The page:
We glean further from these proceedings that Richard de Barri had married the daughter of Nicholas de Carew, who died, 5 Edward II (1311-12), and that a bond for £500 had been given by Nicholas to John de Barri, Richard's brother, some time previously. As the marriage of Richard, without property, would have been no consideration for the bond (and some such there must have been), it is likely that it was the settlement of Manorbeer. We have stated that in 1319 (13 Edward II) John de Barri passed his Irish property to David, and there is no doubt that this was done as a recompense to David for relinquishing any right he might have in Manorbeer.

1 There is a manifest discrepancy as to the names Earl of Kent and Rees ap Griffith, for in the inquisition, 5 Edward III, 2 m., No. 45, to which the writ containing the petition is annexed, the words are, "eundem David dilecto et fideli nostro Rees ap Griffith adhesisse." The petition is included in the writ, 5 Edward III.

2 Floyd MS. Collections.

We are ignorant of the date of Richard's death, but according to the Cambrian Register (ii, p. 184) he was still living in 1334, as seen by a final concord to which he was witness (8 Edward III), made in the court of Isabel (Elizabeth) de Burgo.' It must have occurred before 1336, for he was then succeeded by his daughter Avisia, who had married Owen ap Owen.

A.D. 1336 (9 Edw. III). Avice de Barri, wife of Owen ap Owen. By this marriage there was no issue. Owen died before Avice his wife, and her death occurred 15 Aug. 1358.2 It was found that she was seized of the manors of " Maynebeer" and Penally, held of the lordship of Pembroke; and of that of Bigelly, held of John de Carew as of his barony of Carew. The first two manors are stated to have been worth £30, and Bigelly £10 yearly. An earlier inquisition (5 Edw. III), however,

1 She had the custody of the Earldom of Pembroke during the minority of Laurence Hastings, son of John by Isabel, the eldest daughter of Aymer de Valence.

2 As this inquisition deals with the fine already shown as cause of litigation between her father and cousin, we here give the same (Ing. p. m., 33 Edw. III, 1st nrs., No. 16) :



Inquisition taken before the Escheator of Hereford and the Marches of Wales, on Monday before the Feast of the Purification, on the death of Avisia, wife of Oweyn ap Oweyn :

"The jury say that John de Barry was seized in his demesne as of fee of the manors of Maynerbire, Pennally, and Begeley, in the county of Pembroke; which John de Barry gave the aforesaid manors to David de Barry, his brother, and to the heirs male of the said David. David de Barry then demised the manors to the said John de Barry for the term of his life. On the death of David, John, who had only a life-interest in the said manors, alienated them in fee to Richard ap Thomas, whereupon Richard ap Thomas forthwith demised the manors to John de Barry and Beatrix his wife for their lives (cuidam Ricard' fil' Thome in feodo alienavit, et predictus Ricardus fil' Thome maneria predicta predicto Johanni de Barri et Beatrici uxori sue statim dimisit ad terminum vite eorum'). David, son and heir of David de Barry, recently entered the lands, whereupon John de Barry gave up possession to the said David in the warranty.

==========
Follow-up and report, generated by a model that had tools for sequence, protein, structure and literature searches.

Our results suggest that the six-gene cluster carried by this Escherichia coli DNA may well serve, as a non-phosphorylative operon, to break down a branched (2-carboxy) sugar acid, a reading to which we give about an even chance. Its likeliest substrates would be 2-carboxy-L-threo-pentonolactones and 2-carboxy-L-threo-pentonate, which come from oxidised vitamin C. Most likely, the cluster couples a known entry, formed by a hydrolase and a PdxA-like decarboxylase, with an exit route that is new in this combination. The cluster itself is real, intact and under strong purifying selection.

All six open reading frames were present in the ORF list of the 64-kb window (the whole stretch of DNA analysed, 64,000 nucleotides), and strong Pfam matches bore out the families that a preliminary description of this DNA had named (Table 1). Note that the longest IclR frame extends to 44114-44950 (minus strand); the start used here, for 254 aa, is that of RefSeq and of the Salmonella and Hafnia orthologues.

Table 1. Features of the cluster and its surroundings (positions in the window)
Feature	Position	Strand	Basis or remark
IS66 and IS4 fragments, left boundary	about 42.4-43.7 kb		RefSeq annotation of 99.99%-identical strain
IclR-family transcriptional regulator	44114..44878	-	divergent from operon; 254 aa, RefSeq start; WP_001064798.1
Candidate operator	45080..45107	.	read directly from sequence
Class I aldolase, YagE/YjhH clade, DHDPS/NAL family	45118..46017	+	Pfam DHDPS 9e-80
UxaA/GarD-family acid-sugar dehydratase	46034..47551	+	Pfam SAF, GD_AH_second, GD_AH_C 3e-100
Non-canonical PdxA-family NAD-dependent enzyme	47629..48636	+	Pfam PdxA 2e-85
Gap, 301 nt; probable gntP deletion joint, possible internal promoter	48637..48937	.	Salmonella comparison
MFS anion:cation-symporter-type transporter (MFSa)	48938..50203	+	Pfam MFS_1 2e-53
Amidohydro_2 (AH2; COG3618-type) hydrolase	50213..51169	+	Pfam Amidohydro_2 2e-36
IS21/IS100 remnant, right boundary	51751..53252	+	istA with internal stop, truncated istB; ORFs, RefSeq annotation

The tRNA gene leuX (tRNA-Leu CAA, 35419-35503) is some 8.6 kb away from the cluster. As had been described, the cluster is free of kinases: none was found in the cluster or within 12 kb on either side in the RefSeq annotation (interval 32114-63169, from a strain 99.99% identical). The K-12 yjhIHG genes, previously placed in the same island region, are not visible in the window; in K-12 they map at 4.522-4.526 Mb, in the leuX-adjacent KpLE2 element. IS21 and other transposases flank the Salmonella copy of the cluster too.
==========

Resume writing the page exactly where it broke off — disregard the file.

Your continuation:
"David, son of David de Barry, held the manors for some time, until Richard de Barry, brother of David de Barry (the elder) disseized vi et armis David, son and heir of David de Barry, and died seized of the said manors, when Avisia, the wife of Owen ap Oweyn, who was the daughter and heir of Richard de Barry, entered the said manors, and died seized of them."

shows that Jameston and Neweton were members of Manorbeer, and this manor and Penally were worth £100 yearly. As to the number of knights' fees, by which the property was held, there occurs a difference at various times. In 1247 the Barrys held five fees, the same again in 1323, but in 1331 the property is said to be held by three fees only.

A.D. 1359 (33 Edw. III). David de Barri. The heir of Avice was stated by the said inquisition to be David de Barry, son of David, brother of Richard, and aged twenty-four years.

Herein is an evident mistake, and it is obvious that grandson of David, brother of Richard, must be intended, inasmuch as the nephew of Richard was (as before shown) a man of full age (plene etatis) in 1327 (1 Edward III); but the difficulty seems capable of easy solution. David de Barry we find declared, by the above quoted inquisition, to be heir. Now there is extant a charter (Arch. Camb., Jan. 1853), or rather letters of attorney, dated 18 Oct. 1358 (33 Edw. III), from David de Rupe, lord of Fermoy, appointing William de Rupe of Wales to take seizin for him of Maynerbeer and Penally. The two, there can be no question, are the same person, for at that early date it was not uncommon for individuals to bear two designations or family-names as here given indeed, in an Irish Patent Roll, 3 Rich. II (p. 106, 3), mention is made of William Roche de Barry. In 1362 David de Barry is stated (as by inq., 36 Edw. III, on John de Carew, Sept. 1362) to have held of him at Bigelly two knights' fees worth thirty marks. How long after this he held the property is uncertain. Before the end of Edward III's reign he had no longer any interest in it, for at that period, and indeed for some time before, we find William de Wyndesore in possession of Manorbeer; whilst subsequent Patent Roll and Coram Rege Roll entries assign the property to Holland, Earl of Huntingdon, and ostensibly (pro tem.) to John de Wyndesore. The connection of the Barrys ceases, therefore, with him; and of its subsequent owners, as far as ascertainable, we will now speak.